"The number one thing that comes to your mind with him is he's very quick and to me it's hard to coach quickness and develop quickness," said Modrak. "You can develop things with players, but that one you can't. He is quick and when you see the film clips of him look for that. Does he need to continue to grow and get better? Of course. He's an underclassman so he's young. We think he'll continue to get stronger. We think he'll work at everything he has to do which will help make him a better player. For a three technique guy in this system you have to have that quickness to invert the line and get across the line of scrimmage."

McCargo had a stress fracture in his foot which forced him to miss five games last season. Modrak addressed it.

"He passed his physical with our doctors," said Modrak. "And we're aware that he had an issue there. We've taken all of that into consideration and when we made the decision on him we discussed it."

When Dick Jauron was asked if he was better suited to play the three-technique (outside shade of the guard) or nose tackle Jauron offered the following.

"We see him playing the three (technique)," said Jauron. "Obviously we'll be playing in waves so we need guys that can play fast at that position as Tom (Modrak) said. We see him playing primarily the three technique. When we get him here and start working with him and he can hold up in camp at the one, then we'll start playing him at some of the one (technique) too. In pass rush situations we like to think that Tripplett and McCargo will both be out there."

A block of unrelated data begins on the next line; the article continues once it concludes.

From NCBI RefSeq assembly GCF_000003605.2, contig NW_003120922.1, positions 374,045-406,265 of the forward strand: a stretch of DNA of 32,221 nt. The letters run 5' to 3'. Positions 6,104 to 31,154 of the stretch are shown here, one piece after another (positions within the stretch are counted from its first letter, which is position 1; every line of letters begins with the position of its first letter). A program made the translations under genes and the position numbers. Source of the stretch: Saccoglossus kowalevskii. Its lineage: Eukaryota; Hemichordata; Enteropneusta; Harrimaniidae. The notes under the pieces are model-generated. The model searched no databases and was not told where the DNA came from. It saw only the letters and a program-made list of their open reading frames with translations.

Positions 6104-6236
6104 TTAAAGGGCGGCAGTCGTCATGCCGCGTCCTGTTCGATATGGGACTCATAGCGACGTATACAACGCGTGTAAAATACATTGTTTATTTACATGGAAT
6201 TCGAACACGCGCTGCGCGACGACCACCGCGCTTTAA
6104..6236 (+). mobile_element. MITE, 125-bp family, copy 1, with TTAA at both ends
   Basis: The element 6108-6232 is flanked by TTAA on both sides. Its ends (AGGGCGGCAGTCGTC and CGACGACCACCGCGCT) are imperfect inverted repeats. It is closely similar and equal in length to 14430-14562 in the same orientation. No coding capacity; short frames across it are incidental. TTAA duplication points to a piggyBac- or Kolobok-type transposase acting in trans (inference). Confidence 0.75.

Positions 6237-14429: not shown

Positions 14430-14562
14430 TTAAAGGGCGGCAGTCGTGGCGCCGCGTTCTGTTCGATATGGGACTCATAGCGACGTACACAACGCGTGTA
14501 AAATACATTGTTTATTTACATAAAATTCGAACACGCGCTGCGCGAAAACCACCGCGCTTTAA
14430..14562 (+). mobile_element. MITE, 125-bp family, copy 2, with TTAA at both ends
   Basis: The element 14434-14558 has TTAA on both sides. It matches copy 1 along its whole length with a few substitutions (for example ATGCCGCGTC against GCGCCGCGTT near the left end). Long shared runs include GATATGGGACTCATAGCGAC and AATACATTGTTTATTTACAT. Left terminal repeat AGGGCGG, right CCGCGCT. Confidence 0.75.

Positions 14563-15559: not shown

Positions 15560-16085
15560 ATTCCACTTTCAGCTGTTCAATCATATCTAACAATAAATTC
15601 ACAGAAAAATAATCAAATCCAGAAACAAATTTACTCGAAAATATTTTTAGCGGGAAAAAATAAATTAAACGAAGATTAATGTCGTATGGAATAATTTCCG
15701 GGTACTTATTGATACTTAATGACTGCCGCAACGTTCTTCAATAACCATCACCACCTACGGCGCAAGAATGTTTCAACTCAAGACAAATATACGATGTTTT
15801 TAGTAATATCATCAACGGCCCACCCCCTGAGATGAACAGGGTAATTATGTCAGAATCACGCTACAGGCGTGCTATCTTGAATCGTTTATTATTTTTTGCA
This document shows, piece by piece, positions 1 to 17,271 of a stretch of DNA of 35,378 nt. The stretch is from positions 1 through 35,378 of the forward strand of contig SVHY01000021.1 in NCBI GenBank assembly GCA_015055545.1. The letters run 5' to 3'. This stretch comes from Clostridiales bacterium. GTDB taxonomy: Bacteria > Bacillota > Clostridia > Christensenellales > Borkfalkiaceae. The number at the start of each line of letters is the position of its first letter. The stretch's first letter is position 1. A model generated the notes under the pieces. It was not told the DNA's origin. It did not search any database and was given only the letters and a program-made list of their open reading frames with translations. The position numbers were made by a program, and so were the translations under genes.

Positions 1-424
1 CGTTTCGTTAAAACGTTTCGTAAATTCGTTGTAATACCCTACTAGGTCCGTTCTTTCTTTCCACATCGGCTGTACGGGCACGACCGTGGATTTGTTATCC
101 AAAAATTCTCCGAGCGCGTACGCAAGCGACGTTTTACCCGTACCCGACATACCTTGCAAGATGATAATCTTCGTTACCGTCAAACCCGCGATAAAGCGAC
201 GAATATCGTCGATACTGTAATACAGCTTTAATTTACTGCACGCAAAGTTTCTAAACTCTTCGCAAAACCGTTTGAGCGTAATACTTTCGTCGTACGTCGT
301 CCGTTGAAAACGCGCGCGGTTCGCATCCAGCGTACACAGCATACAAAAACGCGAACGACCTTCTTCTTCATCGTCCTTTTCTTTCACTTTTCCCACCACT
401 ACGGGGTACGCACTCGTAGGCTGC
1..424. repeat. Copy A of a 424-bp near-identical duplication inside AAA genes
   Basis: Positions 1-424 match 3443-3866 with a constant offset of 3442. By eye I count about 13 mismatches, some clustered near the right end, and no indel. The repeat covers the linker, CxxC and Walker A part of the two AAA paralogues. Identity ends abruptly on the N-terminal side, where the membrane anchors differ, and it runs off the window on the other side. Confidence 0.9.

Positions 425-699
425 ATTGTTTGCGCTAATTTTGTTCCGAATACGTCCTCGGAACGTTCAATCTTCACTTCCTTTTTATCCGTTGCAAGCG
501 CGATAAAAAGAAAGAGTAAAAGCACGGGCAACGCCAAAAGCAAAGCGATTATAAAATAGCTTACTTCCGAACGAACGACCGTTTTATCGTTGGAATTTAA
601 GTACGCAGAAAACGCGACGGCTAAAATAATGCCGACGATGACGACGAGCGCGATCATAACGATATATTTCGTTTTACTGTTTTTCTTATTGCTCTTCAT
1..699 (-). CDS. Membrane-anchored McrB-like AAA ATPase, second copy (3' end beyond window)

Bills scout Joe Haering who is very tight with the N.C. State staff feels eventually McCargo could become a full time nose tackle.

"When I went through the first of the year watching film, on him every once in a while I thought that maybe McCargo was the best of the three just because he is big, would flash his quickness and do a lot of things," said Haering. "I said to the defensive line coach, 'I think that defensive tackle might be your best player at some point in time because he's got so much potential.'"